In his first seven years in the National Football League, Dan Orlovsky was often in the wrong place at the wrong time.
His 12 NFL starts have come with the 2008 Detroit Lions (0-16) and last year's Indianapolis Colts, who lost their first 13 games before Orlovsky started in a couple of December victories. Now the 28-year-old quarterback is with the Tampa Bay Buccaneers, who will carry a 10-game losing streak into the upcoming season.
The Bucs aren't asking Orlovsky to turn things around, but they are hoping he might help to turn around starting quarterback Josh Freeman.
''I know what my role is,'' Orlovsky said. ''My role is to be Josh's backup and, if needed, to be ready to play at a high level, winning football. I'm confident in that. It's also my role to make sure he's as prepared as he can be.''
The 6-foot-5, 230-pound Orlovsky had some impressive numbers for the Colts, starting the last five games of a season destroyed by Peyton Manning's neck injury. He completed 30 of 37 passes for 353 yards and two touchdowns in a 31-24 loss to New England. But when Indianapolis drafted Andrew Luck with the first overall pick, Orlovsky knew that door would close. He signed with the Bucs on March 15, not as the starter but as a voice of experience.
''We wanted an established pro that was going to add value to the room,'' said coach Greg Schiano. ''When you talk about a quarterback room, quarterbacks are like no other position. That room really is a think tank - coaches and players. And you want to make sure that everybody in that room can add value.''
Orlovsky has the value of having thrown passes to Houston's Andre Johnson and Detroit's Calvin Johnson, two of the NFL's best receivers. Texans coach Gary Kubiak taught him ''a whole new perspective on what it means to play quarterback, how to practice as a quarterback, how to carry yourself as a quarterback.'' Then he got to spend a year around Manning, who impressed Orlovsky with ''the demand for excellence, the high, high, high standards of excellence, the expectations that he asks of the people around him.''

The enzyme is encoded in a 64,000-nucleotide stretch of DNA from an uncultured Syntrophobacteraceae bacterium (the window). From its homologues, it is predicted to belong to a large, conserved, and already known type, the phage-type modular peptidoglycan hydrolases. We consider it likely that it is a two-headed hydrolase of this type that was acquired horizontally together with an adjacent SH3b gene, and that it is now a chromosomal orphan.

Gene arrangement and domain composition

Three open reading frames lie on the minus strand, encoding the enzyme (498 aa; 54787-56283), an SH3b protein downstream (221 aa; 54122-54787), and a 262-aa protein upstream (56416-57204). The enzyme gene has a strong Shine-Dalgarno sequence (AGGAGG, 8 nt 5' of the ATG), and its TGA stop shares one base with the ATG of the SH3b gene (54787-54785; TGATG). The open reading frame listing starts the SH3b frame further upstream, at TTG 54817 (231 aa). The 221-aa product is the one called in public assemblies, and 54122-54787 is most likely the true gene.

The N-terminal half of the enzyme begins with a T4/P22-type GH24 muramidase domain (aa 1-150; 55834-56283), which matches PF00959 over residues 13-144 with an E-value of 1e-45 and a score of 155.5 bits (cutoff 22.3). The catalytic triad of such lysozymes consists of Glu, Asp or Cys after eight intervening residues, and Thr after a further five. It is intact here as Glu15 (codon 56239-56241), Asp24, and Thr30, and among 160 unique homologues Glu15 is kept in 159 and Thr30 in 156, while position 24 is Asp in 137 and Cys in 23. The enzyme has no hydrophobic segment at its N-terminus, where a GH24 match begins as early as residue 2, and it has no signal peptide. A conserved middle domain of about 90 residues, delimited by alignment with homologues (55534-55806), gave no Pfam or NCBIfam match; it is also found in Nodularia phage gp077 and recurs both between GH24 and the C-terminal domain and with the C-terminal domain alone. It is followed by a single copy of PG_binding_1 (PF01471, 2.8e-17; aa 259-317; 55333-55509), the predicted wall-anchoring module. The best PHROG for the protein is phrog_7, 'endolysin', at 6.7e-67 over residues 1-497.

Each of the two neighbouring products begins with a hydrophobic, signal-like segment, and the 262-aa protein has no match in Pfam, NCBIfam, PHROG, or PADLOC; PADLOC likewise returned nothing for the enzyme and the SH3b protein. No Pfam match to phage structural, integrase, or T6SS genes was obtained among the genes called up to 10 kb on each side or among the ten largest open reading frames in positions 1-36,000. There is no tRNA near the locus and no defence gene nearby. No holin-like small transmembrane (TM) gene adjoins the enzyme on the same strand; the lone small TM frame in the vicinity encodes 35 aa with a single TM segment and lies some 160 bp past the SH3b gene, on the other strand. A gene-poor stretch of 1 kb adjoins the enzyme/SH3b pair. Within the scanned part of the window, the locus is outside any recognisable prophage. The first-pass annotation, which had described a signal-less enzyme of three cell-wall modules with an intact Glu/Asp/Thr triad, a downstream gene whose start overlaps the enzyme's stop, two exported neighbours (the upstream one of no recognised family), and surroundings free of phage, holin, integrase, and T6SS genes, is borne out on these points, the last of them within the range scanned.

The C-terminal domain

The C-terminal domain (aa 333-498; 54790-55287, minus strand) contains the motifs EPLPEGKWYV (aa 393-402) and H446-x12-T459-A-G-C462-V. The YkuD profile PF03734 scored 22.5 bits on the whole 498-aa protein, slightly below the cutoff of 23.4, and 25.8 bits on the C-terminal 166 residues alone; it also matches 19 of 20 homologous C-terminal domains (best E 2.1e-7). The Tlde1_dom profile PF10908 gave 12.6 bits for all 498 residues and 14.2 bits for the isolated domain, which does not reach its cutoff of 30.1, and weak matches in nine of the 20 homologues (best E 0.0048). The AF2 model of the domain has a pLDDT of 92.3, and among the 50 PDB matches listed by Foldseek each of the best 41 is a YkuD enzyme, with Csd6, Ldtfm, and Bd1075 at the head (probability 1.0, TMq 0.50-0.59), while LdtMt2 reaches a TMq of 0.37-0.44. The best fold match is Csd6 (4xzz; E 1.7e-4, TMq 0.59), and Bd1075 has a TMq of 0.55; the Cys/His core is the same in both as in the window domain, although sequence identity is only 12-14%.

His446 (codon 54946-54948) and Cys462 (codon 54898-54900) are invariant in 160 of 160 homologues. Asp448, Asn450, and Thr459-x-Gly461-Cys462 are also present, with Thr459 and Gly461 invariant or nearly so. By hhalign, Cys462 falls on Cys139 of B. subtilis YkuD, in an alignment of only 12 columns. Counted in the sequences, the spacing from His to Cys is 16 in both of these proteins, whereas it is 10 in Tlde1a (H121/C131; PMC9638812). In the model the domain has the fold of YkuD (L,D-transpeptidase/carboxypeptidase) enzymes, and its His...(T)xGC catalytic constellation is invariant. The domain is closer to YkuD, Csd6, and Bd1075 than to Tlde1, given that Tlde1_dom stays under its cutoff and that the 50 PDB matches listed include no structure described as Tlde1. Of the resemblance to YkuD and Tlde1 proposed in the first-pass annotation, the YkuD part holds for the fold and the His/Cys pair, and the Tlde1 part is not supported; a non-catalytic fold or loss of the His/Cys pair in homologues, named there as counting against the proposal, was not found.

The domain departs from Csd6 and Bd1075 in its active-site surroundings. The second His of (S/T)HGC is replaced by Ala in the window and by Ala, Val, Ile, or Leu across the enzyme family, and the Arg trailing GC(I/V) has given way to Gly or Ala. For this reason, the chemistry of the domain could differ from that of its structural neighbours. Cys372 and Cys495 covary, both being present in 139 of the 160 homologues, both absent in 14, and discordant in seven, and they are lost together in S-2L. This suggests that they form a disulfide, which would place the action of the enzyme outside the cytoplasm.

''That's also part of what I'm trying to give to Josh, in a sense,'' he said.
Freeman, entering his fourth NFL season, has not been around a veteran quarterback since Byron Leftwich started the first three games of his rookie season. That didn't seem like a problem a year ago when Freeman was coming off a 10-6 season in which he threw 25 touchdown passes and only six interceptions. Last year those numbers reversed to 16 touchdowns and 22 INTs, no small factor in the Bucs' miserable 4-12 season.
''As far as the game goes, he's good and he could be great,'' Orlovsky said. ''That's part of my role to make sure I do what I can to get him there, but also knowing that if called upon, to go out there and play winning football.''
Much of his time on the field figures to be in the preseason, which opens Friday night at Miami.
''It's my time to go play, sure,'' said Orlovsky, who will be running his seventh different offense. ''Being new here, I'm just going to go out and run the offense; it's important for me to gain guys' trust, gaining this team's trust and this coaching staff's trust. I'll do that by doing my job. It's fun to go out and play and compete, so I look forward to that.''
NOTES: The Bucs released cornerback Derrick Roberson on Wednesday, and defensive end Jayme Mitchell left the team. Cornerback James Rogers and defensive tackle Teryl White, first-year players, were added to the roster.